There are various ways in which you can manually determine the characteristics of a photograph. Of these ways, the shutter speed is a key one; being the length of time a camera’s shutter is open when taking a photograph with the amount of exposure determining the amount of light that reaches the film or image sensor. A fast shutter speed (1/4000th of a second) will capture a sharp image of a fast subject (under good lighting conditions). A slow shutter speed (from 1/4th of a second and less) will open the shutter for so long that any movement during the duration of the exposure will be blurred and in daylight, so much light will come in that it will look almost-white. If you do a long exposure in the dark you can paint with light (as we have done here below on the left) keeping the shutter open for 30 seconds and moving a torch around to paint streaks. The opposite image is taken with the shutter open for 1000/th of a second, freezing the fast water splashing the subject.
Another way of affecting the look of the image is the aperture. The aperture refers to the opening of a lens’s diaphragm through which light passes. It is calibrated in f/stops and is generally written as numbers such as 1.4, 2, 2.8, 4, 5.6, 8, 11 and 16. The lower f/stops give more exposure because they represent the larger apertures, while the higher f/stops give less exposure because they represent smaller apertures. The aperture primarily affects the depth of field. The higher the f/stop the greater the depth of field is (as can be seen below on the left; everything is in focus). If you do the opposite you get a blurry background with the subject sharp (badly shown with the image on the right…not the best example, but it does vaguely represent a shallow depth of field).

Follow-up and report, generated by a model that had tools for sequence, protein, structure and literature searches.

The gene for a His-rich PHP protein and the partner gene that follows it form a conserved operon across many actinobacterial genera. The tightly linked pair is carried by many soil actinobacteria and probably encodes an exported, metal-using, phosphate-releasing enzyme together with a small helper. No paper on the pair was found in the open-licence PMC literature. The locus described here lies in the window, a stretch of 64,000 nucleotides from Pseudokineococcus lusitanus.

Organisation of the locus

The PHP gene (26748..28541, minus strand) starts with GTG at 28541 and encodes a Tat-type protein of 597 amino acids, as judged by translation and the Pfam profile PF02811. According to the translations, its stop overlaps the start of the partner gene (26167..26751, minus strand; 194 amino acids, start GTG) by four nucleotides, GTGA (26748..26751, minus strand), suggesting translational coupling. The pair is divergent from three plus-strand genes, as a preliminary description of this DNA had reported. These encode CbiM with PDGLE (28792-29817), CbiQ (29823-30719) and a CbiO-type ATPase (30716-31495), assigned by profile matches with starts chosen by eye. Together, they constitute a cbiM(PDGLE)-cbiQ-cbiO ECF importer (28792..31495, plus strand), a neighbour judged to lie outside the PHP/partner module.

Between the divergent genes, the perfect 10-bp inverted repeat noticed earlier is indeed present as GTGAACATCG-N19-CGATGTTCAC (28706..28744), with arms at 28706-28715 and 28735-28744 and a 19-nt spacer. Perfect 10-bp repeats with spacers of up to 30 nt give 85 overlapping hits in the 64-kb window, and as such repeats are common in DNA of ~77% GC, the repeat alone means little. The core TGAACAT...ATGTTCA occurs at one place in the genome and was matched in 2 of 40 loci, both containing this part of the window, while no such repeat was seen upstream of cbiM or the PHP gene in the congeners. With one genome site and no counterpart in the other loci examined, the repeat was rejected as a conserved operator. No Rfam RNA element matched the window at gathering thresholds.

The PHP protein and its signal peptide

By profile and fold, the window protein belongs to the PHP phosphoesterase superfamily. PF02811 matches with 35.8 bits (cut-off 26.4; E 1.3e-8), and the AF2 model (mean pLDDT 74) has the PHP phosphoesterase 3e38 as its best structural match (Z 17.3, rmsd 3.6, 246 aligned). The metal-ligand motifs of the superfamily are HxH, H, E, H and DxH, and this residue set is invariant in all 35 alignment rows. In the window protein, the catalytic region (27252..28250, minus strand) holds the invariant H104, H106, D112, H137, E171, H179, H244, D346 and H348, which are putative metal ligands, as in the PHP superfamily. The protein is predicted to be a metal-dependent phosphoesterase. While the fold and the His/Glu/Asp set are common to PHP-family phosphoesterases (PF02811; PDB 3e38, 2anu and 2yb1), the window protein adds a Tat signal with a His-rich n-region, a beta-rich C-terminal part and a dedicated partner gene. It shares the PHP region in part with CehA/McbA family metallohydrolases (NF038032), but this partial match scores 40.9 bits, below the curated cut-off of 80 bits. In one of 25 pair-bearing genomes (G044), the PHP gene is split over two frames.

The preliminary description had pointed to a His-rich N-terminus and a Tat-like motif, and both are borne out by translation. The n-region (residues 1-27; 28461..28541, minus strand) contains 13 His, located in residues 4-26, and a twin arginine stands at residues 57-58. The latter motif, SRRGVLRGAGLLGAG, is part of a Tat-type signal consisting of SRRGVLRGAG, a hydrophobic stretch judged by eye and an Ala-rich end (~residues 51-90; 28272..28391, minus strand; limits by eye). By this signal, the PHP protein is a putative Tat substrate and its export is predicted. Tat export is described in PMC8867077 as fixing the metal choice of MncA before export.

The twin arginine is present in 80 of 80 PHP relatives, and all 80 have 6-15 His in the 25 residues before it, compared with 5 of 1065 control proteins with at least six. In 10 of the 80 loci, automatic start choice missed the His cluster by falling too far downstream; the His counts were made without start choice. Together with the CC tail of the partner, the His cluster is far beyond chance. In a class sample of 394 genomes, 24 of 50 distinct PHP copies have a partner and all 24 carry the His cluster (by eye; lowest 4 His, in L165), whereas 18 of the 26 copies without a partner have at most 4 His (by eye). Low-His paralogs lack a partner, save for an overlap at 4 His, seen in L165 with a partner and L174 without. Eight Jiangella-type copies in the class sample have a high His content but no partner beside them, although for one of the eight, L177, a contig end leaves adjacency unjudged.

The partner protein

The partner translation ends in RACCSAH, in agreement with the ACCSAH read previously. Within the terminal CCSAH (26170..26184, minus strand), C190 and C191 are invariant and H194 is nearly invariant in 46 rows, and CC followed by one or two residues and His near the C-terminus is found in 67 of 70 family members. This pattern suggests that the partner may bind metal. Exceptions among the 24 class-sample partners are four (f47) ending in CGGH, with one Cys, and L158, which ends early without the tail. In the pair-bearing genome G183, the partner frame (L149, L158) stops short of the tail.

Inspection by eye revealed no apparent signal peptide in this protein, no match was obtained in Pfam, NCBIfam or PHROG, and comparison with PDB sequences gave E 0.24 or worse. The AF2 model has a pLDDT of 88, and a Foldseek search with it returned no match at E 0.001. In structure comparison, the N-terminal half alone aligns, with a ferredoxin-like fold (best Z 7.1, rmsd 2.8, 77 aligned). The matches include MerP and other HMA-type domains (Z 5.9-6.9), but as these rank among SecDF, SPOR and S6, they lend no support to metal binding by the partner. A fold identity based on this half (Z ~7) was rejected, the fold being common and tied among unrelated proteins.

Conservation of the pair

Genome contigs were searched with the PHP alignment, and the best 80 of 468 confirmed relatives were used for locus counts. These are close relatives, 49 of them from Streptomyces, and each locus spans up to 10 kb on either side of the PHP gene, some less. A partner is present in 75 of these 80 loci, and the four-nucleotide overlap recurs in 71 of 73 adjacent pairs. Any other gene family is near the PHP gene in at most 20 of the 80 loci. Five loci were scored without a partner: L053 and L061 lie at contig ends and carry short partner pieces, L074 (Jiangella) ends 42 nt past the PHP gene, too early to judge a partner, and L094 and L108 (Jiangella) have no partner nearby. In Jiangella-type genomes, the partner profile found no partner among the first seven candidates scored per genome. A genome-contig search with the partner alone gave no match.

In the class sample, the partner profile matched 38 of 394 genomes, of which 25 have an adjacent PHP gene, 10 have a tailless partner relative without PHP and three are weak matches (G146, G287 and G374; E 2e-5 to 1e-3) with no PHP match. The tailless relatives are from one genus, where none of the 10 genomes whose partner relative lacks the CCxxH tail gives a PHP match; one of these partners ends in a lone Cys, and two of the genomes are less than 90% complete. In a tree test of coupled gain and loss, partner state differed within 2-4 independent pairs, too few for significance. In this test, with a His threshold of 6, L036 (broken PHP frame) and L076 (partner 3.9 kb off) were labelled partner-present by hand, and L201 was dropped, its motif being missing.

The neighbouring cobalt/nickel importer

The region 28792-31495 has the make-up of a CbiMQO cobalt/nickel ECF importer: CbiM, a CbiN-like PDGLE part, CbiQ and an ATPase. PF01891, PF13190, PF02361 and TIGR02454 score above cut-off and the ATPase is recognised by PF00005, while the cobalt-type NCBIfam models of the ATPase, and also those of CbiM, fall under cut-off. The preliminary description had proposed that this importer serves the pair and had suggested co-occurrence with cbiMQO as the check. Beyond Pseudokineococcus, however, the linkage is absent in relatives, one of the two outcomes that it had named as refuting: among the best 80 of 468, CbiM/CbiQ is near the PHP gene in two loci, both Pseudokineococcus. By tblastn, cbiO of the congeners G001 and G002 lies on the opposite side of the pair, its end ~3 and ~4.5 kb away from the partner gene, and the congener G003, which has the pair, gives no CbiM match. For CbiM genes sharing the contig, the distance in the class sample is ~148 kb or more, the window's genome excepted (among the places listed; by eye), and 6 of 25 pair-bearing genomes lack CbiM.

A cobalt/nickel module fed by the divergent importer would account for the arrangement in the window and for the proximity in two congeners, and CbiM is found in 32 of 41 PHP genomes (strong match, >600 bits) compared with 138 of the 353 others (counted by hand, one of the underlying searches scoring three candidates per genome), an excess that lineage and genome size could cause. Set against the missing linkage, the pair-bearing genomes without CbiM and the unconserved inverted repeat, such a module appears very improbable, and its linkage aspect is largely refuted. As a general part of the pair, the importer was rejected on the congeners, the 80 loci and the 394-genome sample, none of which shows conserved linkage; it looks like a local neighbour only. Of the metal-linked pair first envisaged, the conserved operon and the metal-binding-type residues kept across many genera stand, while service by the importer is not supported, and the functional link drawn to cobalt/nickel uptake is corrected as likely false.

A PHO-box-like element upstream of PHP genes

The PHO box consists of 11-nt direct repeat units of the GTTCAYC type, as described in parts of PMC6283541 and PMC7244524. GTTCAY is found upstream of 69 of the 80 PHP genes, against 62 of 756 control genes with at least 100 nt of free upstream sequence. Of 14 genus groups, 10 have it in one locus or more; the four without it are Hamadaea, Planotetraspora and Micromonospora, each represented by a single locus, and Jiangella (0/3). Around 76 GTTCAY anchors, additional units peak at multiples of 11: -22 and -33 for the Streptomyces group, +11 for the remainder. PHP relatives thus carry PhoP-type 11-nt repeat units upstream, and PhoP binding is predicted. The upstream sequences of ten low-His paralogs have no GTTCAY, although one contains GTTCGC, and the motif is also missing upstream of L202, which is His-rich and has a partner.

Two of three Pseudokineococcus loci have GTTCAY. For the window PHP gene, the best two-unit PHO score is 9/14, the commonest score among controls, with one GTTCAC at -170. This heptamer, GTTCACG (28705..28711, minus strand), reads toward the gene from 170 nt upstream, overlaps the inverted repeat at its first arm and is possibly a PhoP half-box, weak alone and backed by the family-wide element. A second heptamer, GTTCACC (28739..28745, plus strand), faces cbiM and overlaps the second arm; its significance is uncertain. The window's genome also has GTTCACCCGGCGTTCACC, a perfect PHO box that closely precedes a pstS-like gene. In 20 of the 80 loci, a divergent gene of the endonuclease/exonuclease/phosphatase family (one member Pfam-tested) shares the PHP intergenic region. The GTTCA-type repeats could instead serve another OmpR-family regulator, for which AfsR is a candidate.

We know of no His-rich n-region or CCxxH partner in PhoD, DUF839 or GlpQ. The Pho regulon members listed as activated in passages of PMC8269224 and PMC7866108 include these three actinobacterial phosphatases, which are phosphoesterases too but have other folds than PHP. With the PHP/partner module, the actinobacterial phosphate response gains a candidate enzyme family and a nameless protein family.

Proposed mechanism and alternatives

The final adjustment you can make is the ISO. When you change your ISO setting, you’re adjusting your camera’s sensitivity to light. ISO settings can be anywhere from 24 to 6,400 (or higher), and these numbers have a direct relationship with the device’s sensitivity, so a lower setting makes it less sensitive and a high setting makes it more so. The two images below demonstrate an ISO setting of 200 and 1600 (allowing too much light and burning out the image). With daylight (outdoors) you want a much lower ISO.